This morning I was reading the Times and came across this article about Diana Nyad, a 61-year-old woman who is going to (attempt to) swim from Cuba to Florida in one continuous swim, unprotected by a shark tank. This swim (her second attempt – she tried once in 1978) is estimated to take about 60 hours, has drained her savings and might leave her $150,000 in debt, and along the way, well, I’ll just quote: “She will most likely hallucinate and endure the stings of countless jellyfish. Along the way, sea salt will swell her tongue to cartoonish proportions and rub her skin raw….”
Sounds delightful, right?
When I read something like this, about a person determined to do something that, were they forced to do it by someone else, would probably be considered a hostile act of torture (again, I bring up the ‘tongue swollen to cartoonish proportions’), I’m struck by a mixture of disbelief, awe, and just a touch of envy.
You see, most people have that moment when inspiration strikes, and they stare off into the middle distance and say, “At some point in my life, I would really love to [insert lofty life goal here].” This is not the time for mundane daily goals, like ‘repaint the bathroom’, or even slightly more ambitious tasks, like ‘read War and Peace’. No, this moment of misty dreaming is devoted to that goal you feel will somehow make you more human, that deep-seated ambition that many have shared, but few have accomplished.
Unless, of course, you are me. I seem to have been born without the chip required for dreaming big; maybe it’s that my pilgrim ancestors used up the last great ambition in the gene pool (notably, after the “no really, guys! Let’s get on this rickety ship and sail across this rough cold ocean to face harsh and unknown terrain! It’ll be great!!”, my people pretty much stayed put in the Plymouth area for another 16 generations), maybe it’s that my nearsighted eyes don’t do well with the middle distance anyway. But in any case, my goals are small and manageable – cozy little tchotchke goals where others have mountains. However, despite not having these goals, I have managed to collect a list of ‘Life Goals I Do Not Have’, with a short explanation as to why not.
1. Swim shark-infested waters from Cuba to Florida for 60 hours straight.
Again, CARTOONISHLY SWOLLEN TONGUE.
2. Climb Mount Everest.
British climber George Mallory was asked in 1924 why he wanted to climb the incredibly dangerous, highest mountain in the world, and famously answered “Because it’s there.” You know what else is there? My couch. And the survival rate is much, much higher.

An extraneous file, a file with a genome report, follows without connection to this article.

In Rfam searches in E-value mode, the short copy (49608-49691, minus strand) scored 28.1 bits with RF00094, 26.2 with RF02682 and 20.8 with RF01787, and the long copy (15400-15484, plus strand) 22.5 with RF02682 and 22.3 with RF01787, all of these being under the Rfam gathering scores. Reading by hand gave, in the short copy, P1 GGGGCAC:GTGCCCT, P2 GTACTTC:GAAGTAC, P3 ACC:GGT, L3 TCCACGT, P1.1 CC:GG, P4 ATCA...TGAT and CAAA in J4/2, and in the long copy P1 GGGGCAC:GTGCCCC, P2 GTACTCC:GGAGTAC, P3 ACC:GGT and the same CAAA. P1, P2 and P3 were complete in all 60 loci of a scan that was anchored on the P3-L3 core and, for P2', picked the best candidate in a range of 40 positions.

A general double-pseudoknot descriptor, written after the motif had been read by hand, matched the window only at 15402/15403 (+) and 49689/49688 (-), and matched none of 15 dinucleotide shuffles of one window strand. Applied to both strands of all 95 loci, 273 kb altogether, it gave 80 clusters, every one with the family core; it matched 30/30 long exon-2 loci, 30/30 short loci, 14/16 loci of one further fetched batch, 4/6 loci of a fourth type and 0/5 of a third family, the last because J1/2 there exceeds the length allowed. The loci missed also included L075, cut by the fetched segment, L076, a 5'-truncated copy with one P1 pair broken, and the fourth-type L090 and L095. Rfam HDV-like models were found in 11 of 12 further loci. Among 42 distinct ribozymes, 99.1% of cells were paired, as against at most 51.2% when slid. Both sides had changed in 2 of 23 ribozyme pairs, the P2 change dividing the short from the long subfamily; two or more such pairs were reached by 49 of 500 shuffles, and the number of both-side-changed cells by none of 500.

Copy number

3. Visit all seven continents at least once.
Really? Antarctica? Meh.
4. Write the Great American Novel.
Don’t get me wrong, I’d love to see something I’ve written published. But I’d be just as happy writing the Perfectly Fine Swedish Novel.
5. Become President of the United States.
Oh HELL no. I feel enough stress when I’m asked whether I want my main course to come with fries or a side salad; making even one of the momentous decisions Presidents are called on to make every day would leave me a quivering mess curled in the fetal position on a corner somewhere. Not to mention the fact that I still consistently misplace Illinois on a map.
6. Run a marathon.
According to a sterling historical source (Wikipedia), the concept of the marathon is based on the ancient Greek messenger Pheidippides, who ran 26 miles from the battlefield at Marathon to Athens to announce that the Persians had been defeated. He then immediately collapsed and died from exhaustion. I am intrigued, then, that anybody chose to pay tribute to this feat by attempting to repeat it yearly.
Now, I’m not saying that this won’t change, and I won’t wake up someday with dreams of reaching that snowy summit, or crossing that finish line, or being continuously stung by jellyfish as I hallucinate and sing Beatles songs to myself with my grotesquely swollen tongue. But somehow I suspect that these goals are not for me. If one of them is for you, though, then I say, with all my heart, go for it. I’ll be cheering you on from over here, on my couch.